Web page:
Much of the above is stating the obvious, however it shows how the ecosystem joins up from one segment to another, from the customer paying the pay TV broadcaster their monthly subscription, all the way through to teams paying their staff.

The diagram is, I admit, a simplistic view of the landscape, but hopefully helps to show how some of the basic activities connect. There are many more inputs and outputs, the diagram only covers the main ones (although if you feel there is a major gap, please shout).

Motor sport ecosystem - branch 1.png
A simplified view of the motor sport ecosystem (branch 1).

Branch 1 – Pay TV > Commercial Rights Holder
Pay-TV broadcasters receive income from both their customers monthly, as well as from advertisers / sponsors who want to advertise during their programming. Not all motor sports air on pay-TV, but overall, that is the way.

Some have suggested that UK’s pay-TV broadcasters BT and Sky should refund subscribers of their sports channels during the coronavirus outbreak, however neither are planning to do so currently.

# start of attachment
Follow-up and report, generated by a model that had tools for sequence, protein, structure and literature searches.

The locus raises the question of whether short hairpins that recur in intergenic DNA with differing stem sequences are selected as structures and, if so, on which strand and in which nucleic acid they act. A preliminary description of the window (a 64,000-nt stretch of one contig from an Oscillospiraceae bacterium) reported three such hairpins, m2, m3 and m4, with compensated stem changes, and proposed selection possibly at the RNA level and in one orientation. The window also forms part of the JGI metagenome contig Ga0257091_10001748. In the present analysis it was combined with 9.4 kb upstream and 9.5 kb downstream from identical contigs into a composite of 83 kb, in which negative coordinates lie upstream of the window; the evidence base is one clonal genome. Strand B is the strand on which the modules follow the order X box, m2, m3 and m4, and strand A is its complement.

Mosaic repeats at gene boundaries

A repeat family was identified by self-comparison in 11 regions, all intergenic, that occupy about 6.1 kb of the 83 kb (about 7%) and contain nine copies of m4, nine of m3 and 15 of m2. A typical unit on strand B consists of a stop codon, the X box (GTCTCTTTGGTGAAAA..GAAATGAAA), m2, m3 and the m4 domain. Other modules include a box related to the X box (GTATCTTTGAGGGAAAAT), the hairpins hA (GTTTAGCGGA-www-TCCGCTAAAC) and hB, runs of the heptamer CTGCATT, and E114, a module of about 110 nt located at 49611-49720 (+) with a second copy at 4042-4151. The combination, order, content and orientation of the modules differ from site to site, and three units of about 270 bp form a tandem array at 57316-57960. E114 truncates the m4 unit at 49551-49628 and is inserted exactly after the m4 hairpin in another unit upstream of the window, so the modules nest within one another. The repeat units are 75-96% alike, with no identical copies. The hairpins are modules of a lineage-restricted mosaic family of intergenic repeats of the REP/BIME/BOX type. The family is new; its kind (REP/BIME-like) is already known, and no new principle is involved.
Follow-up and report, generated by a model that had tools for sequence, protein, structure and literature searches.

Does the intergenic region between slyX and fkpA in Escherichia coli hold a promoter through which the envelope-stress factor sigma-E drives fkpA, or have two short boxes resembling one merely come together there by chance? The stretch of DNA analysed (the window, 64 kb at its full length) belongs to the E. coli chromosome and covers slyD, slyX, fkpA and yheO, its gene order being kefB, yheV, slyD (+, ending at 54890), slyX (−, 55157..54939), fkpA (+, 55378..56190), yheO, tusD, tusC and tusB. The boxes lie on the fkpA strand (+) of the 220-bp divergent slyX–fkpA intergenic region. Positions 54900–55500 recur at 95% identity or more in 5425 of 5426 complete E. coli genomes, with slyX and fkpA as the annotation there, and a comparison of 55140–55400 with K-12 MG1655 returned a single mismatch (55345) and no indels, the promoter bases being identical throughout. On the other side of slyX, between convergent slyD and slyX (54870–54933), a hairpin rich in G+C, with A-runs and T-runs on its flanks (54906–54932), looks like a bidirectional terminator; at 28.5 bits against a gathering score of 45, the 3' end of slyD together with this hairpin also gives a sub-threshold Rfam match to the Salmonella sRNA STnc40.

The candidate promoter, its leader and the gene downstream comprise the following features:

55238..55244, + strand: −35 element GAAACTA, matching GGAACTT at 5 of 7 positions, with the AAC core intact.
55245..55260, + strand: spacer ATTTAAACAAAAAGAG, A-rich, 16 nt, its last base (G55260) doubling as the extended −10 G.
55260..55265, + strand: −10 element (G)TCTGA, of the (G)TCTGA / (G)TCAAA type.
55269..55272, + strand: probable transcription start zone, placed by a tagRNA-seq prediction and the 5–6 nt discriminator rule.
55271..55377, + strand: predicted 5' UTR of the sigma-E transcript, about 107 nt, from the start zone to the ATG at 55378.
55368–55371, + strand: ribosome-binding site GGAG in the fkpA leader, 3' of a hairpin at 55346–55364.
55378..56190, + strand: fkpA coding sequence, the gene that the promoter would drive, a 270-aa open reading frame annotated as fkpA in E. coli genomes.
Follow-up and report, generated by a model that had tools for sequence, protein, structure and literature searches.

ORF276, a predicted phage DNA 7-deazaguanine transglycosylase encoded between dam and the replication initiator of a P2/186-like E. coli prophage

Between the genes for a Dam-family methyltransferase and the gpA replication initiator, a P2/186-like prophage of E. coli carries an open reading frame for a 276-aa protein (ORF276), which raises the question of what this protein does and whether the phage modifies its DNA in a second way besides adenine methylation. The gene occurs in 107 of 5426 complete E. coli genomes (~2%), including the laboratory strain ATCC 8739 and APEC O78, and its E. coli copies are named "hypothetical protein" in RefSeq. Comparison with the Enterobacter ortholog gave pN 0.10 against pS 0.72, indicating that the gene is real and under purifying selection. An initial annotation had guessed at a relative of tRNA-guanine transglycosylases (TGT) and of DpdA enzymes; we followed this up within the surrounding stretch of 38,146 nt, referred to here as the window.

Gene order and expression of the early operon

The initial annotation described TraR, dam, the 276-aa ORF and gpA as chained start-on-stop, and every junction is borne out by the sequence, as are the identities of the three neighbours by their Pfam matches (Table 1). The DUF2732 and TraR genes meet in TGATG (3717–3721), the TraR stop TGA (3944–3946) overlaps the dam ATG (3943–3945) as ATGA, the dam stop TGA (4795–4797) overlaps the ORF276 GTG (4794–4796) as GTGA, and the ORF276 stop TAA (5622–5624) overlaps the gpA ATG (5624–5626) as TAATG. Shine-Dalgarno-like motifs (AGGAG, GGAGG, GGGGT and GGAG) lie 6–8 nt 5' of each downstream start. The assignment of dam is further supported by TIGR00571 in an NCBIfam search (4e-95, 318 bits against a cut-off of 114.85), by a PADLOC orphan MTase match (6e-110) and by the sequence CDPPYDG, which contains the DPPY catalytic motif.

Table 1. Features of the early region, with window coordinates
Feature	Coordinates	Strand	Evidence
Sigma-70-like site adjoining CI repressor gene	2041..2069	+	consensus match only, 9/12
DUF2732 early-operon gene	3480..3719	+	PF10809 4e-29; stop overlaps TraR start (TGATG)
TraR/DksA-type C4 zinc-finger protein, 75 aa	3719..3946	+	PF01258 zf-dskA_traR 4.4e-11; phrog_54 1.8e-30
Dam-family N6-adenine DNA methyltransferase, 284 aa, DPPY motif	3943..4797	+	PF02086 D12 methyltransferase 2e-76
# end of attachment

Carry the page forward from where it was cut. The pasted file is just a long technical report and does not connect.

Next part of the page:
The income pay-TV broadcasters receive allows them to broadcast prestigious events, the broadcaster paying the relevant Commercial Rights Holder an agreed amount each season.

For MotoGP, the Commercial Rights Holder is Dorna, for F1 it is Formula One Management, for World Rally Championship it is WRC Promoter, and so on.

To attract subscribers, pay-TV broadcasters want to utilise the best talent, on and off-screen. For that, they use a hybrid of permanent in-house staff and freelancers.

Both bring their benefits: being a permanent member of staff gives you added security with a regular pay packet, but makes it unlikely that you can work on events not aired on their outlet.

Freelancers on the other hand may work F1 one weekend, MotoGP the next, and then Formula E the weekend after, each paid on a standalone basis. Three different broadcasters and production teams, but not a problem. That approach brings risks: any cancellation will result in a loss of income.

Motor sport ecosystem - branch 1.png
A simplified view of the motor sport ecosystem (branch 2).

Branch 2 – Circuit > Commercial Rights Holder
The second area is simpler. Fans pay money to attend the circuit to watch a race, the circuit pays the Commercial Rights Holder the fee for holding the race. Investors and sponsors may pump money into the circuit to improve facilities, increasing the prospects of holding major events there.